Masada, The Gardens of Gethsemane, The Bahai Gardens, The Al Aqsa Mosque and The Western Wall
In May 2016, Carleton students will again be traveling to Israel and walking through these ancient sites, experiencing them not only as travellers but as young scholars. The Israel Travel Course poster touts 5000 years of religion and culture in 23 days. If that sounds like a marathon, it is!
The course explores religion and culture in the land of Israel from the ancient period to the present day. Practically, that means that our traveling classroom will include exploring 11 archeological sites, walk each of the stations of the Cross along the Via Dolorosa, experience the beauty of Al Aqsa, move through the cool stone interiors of a medieval fort in Akko, and hear from contemporary activists such the Women of the Wall.
Learning about the Bar Kokhba revolt in class was always interesting – it’s an exciting story about the near-successful overthrow for Roman imperial power by a small underdog community of Jews. … Learning about Bar Kokhba in the setting of modern-day Israel became interesting for other reasons on this trip. By being in the tunnels and crawling into one of the caves, we were able to participate in this history. Watching the desert landscape pass us by as we drove to the cave on the bus brought the Revolt into my own life in a way that enabled me to understand it as I never had before.
Sophie Crump – currently MA student in Religion and Public Life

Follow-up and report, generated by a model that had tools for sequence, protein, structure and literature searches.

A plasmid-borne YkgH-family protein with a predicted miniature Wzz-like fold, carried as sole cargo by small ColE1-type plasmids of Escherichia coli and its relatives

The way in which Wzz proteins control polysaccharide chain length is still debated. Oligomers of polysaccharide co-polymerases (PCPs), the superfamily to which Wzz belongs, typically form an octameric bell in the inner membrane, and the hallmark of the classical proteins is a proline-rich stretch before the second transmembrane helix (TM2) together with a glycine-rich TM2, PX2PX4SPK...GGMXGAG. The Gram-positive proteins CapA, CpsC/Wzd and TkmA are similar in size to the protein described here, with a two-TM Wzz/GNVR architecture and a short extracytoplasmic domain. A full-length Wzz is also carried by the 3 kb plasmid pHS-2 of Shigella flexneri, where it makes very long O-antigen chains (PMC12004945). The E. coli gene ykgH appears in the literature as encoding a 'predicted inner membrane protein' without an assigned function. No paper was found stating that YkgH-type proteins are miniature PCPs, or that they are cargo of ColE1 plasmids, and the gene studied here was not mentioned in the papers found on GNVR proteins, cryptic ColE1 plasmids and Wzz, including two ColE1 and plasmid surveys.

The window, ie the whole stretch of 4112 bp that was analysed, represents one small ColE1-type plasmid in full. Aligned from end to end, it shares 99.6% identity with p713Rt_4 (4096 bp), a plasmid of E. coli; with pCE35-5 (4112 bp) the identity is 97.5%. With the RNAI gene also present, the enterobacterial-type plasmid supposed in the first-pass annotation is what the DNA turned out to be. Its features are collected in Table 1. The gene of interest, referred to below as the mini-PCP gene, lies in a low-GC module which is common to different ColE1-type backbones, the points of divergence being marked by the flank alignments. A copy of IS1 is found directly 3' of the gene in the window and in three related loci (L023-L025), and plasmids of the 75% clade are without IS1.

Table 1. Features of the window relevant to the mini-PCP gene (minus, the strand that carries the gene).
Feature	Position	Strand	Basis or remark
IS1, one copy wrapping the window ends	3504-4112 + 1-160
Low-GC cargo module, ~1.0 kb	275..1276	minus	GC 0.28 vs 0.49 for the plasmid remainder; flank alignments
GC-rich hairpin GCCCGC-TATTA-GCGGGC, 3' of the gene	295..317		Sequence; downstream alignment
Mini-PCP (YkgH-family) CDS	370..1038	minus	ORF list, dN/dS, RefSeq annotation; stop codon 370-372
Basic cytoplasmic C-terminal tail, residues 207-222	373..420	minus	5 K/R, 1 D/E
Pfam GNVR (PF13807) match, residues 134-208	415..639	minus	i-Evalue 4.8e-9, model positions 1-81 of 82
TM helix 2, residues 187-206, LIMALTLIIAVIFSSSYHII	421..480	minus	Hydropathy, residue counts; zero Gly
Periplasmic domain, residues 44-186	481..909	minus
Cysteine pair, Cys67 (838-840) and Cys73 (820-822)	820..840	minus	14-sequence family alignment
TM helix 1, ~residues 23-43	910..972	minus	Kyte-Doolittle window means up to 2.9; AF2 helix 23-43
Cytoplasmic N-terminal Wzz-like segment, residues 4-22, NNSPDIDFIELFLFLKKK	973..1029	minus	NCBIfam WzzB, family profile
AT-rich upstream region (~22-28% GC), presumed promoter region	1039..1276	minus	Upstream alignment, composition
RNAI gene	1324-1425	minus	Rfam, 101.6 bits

This year’s course also brings together Carleton students with international scholars and students through a partnership with Hebrew University and Tel Aviv University. Fortified by much falafel and ice cream, students experience the rhythms of life in Israel as a culturally and religiously diverse modern country: from lunch with the Druze, to a traditional home Shabbat in Jerusalem, floating in the Dead Sea, camel riding in the Judean dessert, hearing the call to prayer from Mosques against the chiming of church bells and the loud beats of dance music in the streets.
We arrived at the site after four a.m. and climbed the fortress in order to be able to see the sunrise over the Dead Sea. I had already climbed the fortress before, however this time it seemed to take much longer and be much more difficult (definitely the most physically exhausting thing I had done in a very long time). I was later told that we had actually climbed up the “snake path” and not the ramp that the Romans had built to lay siege on the fortress. Trying to pace myself zig-zagging in the almost total darkness, I kept telling myself not to look up too frequently only to see how much further I had to climb, and tried to remind myself how the invading Romans must have done something very similar in heavy armour. Once I had finally made it up to the top, completely exhausted, I was excited to see the rest of the group there, waiting for the sun to rise. It was a really beautiful experience, and it was hilarious to take part in cheering on Helios/Apollo with the rest of the group as the sun steadily crept up over the horizon.
Natalie Pochtaruk – current Humanities student
FASS is home to several travel courses with good reason; former FASS Dean John Osborne fostered these courses in the conviction that students will recall these courses as highlights of their time at Carleton. For students in FASS, who have studied the texts, architecture, art, history, religion, literature, politics, and culture of what we call the “West”, the Israel Travel course experience brings their studies to life. It is one thing to study, for example, the diversity of Christianity from a textbook. It is another to see the infamous ladder that cannot be moved in the Church of the Holy Sepulcher because of strict rules about each denomination’s rights in this venerated sacred space.